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Only Connect: The Art of Devotion

Apr 29 2011–ongoing

Seattle Art Museum

This gallery features Christian works of art from Italy and northern Europe. Most date from the fourteenth and fifteenth centuries, when churches and monasteries were the primary consumers of art. Expensive materials like ground minerals and gold leaf gave early altarpieces a rich appearance suitable for the depiction of divine figures. Later, artists used the oil medium to achieve a more naturalistic appearance for holy figures, which made the figures more approachable. Despite differences in style and technique, all of the art here shares the conviction that visual imagery can foster a sacred connection.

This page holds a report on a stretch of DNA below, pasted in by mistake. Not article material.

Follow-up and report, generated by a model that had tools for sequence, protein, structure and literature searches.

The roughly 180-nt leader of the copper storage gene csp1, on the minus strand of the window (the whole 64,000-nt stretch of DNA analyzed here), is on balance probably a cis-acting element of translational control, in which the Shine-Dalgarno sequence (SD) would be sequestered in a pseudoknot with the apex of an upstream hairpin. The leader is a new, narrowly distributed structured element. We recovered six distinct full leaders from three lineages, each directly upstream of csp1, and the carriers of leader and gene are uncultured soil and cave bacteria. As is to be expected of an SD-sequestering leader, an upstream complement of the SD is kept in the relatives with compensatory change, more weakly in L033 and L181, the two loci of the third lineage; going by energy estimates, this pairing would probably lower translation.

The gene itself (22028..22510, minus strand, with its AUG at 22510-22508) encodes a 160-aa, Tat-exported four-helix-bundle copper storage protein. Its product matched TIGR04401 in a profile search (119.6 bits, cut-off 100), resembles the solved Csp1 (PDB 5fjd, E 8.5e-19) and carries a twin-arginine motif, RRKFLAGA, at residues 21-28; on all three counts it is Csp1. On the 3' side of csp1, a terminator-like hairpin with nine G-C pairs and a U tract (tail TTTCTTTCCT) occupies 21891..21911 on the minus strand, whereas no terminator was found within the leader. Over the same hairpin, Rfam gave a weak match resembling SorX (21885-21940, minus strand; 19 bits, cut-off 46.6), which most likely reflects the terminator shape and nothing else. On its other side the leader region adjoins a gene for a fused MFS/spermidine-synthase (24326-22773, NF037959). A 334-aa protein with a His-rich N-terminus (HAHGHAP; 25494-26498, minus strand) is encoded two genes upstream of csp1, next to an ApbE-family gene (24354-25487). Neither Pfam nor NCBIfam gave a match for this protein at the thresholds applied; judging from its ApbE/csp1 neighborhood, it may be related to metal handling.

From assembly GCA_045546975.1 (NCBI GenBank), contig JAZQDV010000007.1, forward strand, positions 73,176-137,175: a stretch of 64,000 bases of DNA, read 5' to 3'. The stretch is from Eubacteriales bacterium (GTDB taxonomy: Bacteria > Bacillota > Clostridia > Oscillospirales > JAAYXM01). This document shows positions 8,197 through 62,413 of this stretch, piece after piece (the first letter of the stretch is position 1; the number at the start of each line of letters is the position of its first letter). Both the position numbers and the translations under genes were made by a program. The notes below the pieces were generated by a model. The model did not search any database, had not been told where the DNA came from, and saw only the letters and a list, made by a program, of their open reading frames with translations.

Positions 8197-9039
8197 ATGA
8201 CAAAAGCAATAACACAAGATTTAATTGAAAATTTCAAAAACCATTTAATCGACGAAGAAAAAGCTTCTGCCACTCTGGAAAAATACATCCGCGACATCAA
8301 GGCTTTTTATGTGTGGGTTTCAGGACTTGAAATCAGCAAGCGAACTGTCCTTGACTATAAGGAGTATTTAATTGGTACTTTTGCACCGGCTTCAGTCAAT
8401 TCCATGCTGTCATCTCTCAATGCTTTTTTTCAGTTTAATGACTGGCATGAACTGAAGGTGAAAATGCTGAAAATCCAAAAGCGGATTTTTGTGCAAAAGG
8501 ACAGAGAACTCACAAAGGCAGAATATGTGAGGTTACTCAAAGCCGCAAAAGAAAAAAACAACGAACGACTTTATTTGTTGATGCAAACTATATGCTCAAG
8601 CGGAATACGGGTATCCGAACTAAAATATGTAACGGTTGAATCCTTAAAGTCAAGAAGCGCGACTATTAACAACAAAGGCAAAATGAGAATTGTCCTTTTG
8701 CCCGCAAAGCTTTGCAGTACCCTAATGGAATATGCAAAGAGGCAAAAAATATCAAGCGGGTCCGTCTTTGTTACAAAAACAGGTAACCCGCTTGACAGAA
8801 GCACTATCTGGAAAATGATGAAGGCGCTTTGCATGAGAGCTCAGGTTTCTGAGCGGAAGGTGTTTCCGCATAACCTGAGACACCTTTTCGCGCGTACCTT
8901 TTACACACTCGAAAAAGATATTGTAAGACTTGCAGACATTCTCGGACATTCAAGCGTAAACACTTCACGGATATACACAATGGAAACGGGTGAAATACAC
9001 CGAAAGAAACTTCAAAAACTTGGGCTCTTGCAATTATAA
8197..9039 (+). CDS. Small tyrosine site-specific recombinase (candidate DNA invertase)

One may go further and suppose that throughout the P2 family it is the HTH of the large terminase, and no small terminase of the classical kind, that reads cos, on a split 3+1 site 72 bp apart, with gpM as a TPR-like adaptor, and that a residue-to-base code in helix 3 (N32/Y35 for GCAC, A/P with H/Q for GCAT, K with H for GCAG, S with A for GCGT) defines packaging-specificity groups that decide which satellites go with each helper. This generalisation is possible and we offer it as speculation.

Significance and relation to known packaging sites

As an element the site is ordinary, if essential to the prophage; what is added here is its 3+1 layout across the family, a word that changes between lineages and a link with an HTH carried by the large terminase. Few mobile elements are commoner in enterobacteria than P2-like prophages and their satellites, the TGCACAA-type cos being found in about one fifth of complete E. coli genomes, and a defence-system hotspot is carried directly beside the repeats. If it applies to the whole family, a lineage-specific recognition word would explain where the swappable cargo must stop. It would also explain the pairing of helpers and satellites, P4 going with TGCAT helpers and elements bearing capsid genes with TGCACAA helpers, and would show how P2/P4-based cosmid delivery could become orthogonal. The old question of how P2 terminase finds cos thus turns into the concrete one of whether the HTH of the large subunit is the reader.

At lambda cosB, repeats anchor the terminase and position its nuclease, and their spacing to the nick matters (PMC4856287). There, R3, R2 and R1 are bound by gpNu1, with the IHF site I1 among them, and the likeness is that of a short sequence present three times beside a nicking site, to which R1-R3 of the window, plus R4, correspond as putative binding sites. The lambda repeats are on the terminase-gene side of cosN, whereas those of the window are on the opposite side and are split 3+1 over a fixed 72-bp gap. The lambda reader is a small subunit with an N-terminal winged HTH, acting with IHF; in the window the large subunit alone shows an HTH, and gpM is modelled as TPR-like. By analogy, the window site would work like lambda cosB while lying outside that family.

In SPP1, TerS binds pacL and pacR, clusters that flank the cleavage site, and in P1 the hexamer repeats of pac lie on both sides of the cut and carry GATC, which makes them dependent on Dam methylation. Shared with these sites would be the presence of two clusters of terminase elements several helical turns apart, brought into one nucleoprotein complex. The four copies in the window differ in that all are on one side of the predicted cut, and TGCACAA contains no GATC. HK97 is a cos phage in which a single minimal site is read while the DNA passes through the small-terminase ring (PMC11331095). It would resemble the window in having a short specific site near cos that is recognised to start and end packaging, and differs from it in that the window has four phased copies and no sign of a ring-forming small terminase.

Many of the works are fragments of larger altarpieces. With the wane of European religious institutions in the nineteenth century, altarpieces were often disassembled and their individual panels sold to satisfy a new market for early Italian painting, which prized style over religious function as a way of connecting with the past.

Image: Adoration of the Christ Child, ca. 1475, Gherardo di Giovanni del Fora, Italian, Florence, 1445-1497, oil on wood panel, diameter: 35 1/2 in., Gift of Mr. Ivan L. Best, in memory of Mrs. Best, 53.86, photo: Paul Macapia.

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